Sim­u­la­tor recre­ates sea con­di­tions in con­trolled en­vi­ron­ment

SP's MAI - - SIMULATION -

As­tate of the art fa­cil­ity at Me­mo­rial Univer­sity is at­tract­ing re­searchers and busi­nesses from around the globe. The $4 mil­lion-Vir­tual En­vi­ron­ments for Knowl­edge Mo­bi­liza­tion pro­ject recre­ates danger­ous sea con­di­tions in a con­trolled en­vi­ron­ment. Me­mo­rial is de­vel­op­ing sim­u­la­tor tech­nolo­gies and vir­tual en­vi­ron­ments to train those who work in the off­shore in­dus­try with the ul­ti­mate goal of im­prov­ing safety of life at sea. Re­searchers and sci­en­tists are in St. John’s to study how peo­ple be­have in chal­leng­ing off­shore search and res­cue sce­nar­ios

“There are few fa­cil­i­ties like this in the world, and those that ex­ist are hard to get ac­cess to,” said Fredrik Fors­man, a sci­en­tist from Swe­den. “This is a unique op­por­tu­nity that we are all very grate­ful to be a part of Scott MacKin­non, act­ing dean of Me­mo­rial’s School of Hu­man Ki­net­ics and Recre­ation, said the lab­o­ra­tory has two main func­tions.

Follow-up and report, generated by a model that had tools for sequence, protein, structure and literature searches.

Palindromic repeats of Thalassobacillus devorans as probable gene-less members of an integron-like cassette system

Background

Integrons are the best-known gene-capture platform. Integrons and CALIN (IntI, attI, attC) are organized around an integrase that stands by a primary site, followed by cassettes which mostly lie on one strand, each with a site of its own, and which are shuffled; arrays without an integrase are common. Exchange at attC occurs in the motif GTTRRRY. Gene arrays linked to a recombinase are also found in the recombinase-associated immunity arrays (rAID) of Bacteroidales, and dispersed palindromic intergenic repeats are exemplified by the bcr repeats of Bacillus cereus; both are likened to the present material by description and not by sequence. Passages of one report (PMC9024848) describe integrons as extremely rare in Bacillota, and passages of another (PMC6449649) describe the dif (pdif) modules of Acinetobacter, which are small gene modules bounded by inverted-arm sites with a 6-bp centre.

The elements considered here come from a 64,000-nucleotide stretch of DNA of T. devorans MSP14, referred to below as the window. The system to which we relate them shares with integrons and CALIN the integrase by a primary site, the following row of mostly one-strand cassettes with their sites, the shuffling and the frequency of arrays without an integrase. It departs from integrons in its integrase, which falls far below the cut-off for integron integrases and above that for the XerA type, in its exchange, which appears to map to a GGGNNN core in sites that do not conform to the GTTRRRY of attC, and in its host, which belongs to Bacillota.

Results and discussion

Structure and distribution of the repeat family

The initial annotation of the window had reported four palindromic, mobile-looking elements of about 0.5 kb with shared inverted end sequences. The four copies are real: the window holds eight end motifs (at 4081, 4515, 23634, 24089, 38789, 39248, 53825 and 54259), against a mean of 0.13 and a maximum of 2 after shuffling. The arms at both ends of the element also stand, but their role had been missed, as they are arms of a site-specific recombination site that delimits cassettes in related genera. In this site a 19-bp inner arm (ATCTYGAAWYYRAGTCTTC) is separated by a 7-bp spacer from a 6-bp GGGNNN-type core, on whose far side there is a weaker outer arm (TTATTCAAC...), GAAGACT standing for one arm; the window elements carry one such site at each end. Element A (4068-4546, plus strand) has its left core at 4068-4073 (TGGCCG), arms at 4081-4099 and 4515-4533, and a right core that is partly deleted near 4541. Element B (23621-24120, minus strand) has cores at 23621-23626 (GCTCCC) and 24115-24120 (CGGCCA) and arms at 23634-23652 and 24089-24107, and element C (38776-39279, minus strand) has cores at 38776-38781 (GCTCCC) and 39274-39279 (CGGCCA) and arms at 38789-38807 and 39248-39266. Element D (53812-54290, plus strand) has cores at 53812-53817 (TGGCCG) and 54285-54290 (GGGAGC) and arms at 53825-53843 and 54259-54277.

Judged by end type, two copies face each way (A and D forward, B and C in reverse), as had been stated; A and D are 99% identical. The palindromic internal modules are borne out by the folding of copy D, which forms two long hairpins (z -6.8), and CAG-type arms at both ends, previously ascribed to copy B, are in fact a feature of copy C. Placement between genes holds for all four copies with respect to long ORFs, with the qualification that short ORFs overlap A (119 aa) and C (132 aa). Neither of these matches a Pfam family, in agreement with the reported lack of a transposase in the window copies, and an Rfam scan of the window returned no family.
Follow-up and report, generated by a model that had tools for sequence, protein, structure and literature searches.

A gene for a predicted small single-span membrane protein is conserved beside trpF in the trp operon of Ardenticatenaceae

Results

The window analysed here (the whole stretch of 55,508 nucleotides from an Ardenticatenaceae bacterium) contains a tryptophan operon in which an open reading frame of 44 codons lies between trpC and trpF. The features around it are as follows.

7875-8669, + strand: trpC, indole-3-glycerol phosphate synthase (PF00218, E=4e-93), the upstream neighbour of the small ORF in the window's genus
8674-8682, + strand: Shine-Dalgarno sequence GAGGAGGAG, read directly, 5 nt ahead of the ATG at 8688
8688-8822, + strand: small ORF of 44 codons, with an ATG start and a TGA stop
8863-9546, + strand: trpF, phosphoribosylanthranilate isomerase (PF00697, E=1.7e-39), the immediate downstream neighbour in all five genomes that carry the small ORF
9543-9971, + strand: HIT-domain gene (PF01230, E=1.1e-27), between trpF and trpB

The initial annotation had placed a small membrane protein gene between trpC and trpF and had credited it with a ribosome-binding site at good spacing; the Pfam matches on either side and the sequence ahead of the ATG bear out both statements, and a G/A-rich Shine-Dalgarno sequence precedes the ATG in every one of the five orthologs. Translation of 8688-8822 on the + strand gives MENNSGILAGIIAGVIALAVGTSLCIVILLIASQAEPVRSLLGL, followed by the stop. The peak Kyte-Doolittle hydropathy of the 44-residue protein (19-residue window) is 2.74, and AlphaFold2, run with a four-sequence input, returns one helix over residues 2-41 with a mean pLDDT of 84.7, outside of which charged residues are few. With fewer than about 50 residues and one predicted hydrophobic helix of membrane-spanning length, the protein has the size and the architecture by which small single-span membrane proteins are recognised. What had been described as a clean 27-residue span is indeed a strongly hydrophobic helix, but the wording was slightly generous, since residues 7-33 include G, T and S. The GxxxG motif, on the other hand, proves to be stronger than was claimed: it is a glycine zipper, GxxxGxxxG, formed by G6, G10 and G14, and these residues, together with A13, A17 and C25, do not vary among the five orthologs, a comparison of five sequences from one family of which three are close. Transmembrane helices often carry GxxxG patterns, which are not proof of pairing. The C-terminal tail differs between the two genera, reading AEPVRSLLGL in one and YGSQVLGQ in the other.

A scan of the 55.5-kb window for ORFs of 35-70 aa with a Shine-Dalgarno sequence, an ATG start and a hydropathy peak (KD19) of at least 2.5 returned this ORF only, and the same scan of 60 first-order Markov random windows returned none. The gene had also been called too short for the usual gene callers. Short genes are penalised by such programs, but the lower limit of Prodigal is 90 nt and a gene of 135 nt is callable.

“Train­ing for emer­gency pro­ce­dures is nor­mally done un­der very con­trolled and be­nign con­di­tions. It’s a re­source for en­trepreneurs to come and try their tech­nolo­gies to see it they meet the stan­dards as­so­ci­ated with test­ing and train­ing; and also it’s a hu­man fac­tors lab­o­ra­tory where we use it to un­der­stand how hu­mans be­have in harsh en­vi­ron­ments,” said MacKin­non.

“This way we can im­prove upon the train­ing and sys­tems used in the oil and gas in­dus­try. Th­ese plat­forms can also be used for pro­ce­dural train­ing. More reg­u­lar, re­cur­rent train­ing should pre­pare peo­ple to act in­stinc­tively should an emer­gency arise.” bean re­gion, and will pro­vide high qual­ity train­ing of mar­itime stu­dents and pro­fes­sion­als alike in ship-han­dling, col­li­sion avoid­ance, Engine Room pro­ce­dures and op­er­a­tions, as well as ECDIS, Radar/ ARPA, AIS and other nav­i­ga­tional aids.

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